Culture Corner: Stories of Individual Change and Redemption in Movies

Bernie Langs

A scorpion and a frog meet on the bank of a stream and the scorpion asks the frog to carry him across on its back. The frog asks, “How do I know you won’t sting me?” The scorpion says, “Because if I do, I will die too.” The frog is satisfied, and they set out, but midstream, the scorpion stings the frog. The frog feels the onset of paralysis and starts to sink, knowing they both will drown, but has just enough time to gasp “Why?” The scorpion replies: “It’s my nature…”   – The Fable of The Scorpion and The Frog

Spoilers ahead!

There are countless films and television shows that document the trajectory of characters initially introduced with overbearing and seemingly insurmountable negative qualities in their personalities who, over the course of the story, gradually morph into more ethical and better versions of themselves. These tales of self-discovery deliver positive, hopeful affirmations that we are all capable of making changes amid newfound understandings of our inner natures.

The King of Staten Island (2020), directed by Judd Apatow, follows a 24-year-old man (played by Pete Davidson) struggling with Attention Deficit Disorder and frequent flare-ups of mental illness. Amid life’s pressures, he is unable to control his inner demons and transition from an adolescent mindset to that of a responsible adult. Davidson’s character, loosely based on his own experiences after the loss of his firefighter father in the 9/11 attack, never accepts and comes to terms with the death of his dad (also a firefighter in the film) at age seven, arresting his growth and development. While continuously making a mess of his own life, he drags down the life of his well-adjusted, academic sister and sabotages his mother’s first relationship since the death of her husband. He also takes advantage of the young woman who loves him as she tries again and again to make him realize his potential and do something productive with his talents. As I watched the movie, I kept wondering if he’d ever change for the better and fix the terrible mess he’d created. I also speculated on how a shift in personality would be presented believably by Apatow, given the massive scope of the protagonist’s destructive behavior. When Davidson’s character finally begins to mature and comprehend the depth of what he’s done to family and friends, it’s cathartic to watch him succeed in making believable amends.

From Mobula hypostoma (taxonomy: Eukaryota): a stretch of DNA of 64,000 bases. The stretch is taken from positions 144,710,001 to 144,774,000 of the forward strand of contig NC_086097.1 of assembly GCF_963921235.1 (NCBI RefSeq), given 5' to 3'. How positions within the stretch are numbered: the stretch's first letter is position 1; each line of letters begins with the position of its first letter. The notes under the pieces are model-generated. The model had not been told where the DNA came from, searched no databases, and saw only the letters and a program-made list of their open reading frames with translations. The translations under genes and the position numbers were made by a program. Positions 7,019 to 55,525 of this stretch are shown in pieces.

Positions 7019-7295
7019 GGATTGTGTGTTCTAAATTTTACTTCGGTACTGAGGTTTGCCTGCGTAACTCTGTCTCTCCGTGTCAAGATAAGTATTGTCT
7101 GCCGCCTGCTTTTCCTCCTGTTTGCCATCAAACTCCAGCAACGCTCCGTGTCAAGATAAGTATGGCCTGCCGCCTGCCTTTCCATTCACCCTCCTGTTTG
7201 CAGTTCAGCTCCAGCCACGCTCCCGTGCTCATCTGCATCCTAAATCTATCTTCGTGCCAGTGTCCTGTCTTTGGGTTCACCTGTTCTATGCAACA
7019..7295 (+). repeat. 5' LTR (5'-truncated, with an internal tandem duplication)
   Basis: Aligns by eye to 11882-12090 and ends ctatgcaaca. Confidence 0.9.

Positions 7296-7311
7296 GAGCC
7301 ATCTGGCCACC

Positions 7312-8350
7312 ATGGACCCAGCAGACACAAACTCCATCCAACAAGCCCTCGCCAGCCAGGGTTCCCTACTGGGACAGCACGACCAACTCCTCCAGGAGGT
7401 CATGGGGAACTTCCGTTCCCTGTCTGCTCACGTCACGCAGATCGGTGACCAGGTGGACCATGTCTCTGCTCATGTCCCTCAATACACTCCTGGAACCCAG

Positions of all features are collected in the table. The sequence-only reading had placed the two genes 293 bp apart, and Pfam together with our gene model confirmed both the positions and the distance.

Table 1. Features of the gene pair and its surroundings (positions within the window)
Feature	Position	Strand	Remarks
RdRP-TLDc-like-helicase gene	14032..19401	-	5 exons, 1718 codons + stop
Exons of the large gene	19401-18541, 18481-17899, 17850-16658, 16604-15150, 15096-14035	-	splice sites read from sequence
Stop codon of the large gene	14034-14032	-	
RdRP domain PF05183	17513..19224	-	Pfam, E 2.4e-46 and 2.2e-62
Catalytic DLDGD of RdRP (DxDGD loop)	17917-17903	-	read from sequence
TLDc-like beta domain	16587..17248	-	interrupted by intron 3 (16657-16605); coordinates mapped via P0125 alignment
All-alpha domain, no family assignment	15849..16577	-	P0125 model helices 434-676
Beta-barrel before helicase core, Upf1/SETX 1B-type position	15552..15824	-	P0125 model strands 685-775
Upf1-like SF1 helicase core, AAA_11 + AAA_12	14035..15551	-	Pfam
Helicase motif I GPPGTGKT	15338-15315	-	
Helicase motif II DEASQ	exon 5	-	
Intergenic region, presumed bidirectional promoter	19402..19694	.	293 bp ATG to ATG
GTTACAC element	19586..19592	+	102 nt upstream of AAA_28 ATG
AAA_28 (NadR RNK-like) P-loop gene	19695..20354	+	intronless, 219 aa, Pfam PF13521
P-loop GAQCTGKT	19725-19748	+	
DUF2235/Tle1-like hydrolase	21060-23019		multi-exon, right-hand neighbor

Pete Davidson on the Staten Island Ferry with Bel Powley in The King of Staten Island (2020); photo: Universal Pictures from:

The late German philosopher, Theodor W. Adorno, mocked American movie culture for providing plot lines where the audience knows either from the start or quite quickly how it’s going to turn out in the end, which he believed showcases the simplicity and mindlessness of the genre. I don’t mind realizing where a movie is heading, the beauty for me is in the details and originality of how each director presents stories of love, drama, laughter, and action, and at times, salvation. Films using admittedly well-worn concepts can be viewed as uniquely conceived if they present new twists and turns to tales of our timeless struggles, providing fresh emotional expression of our common humanity.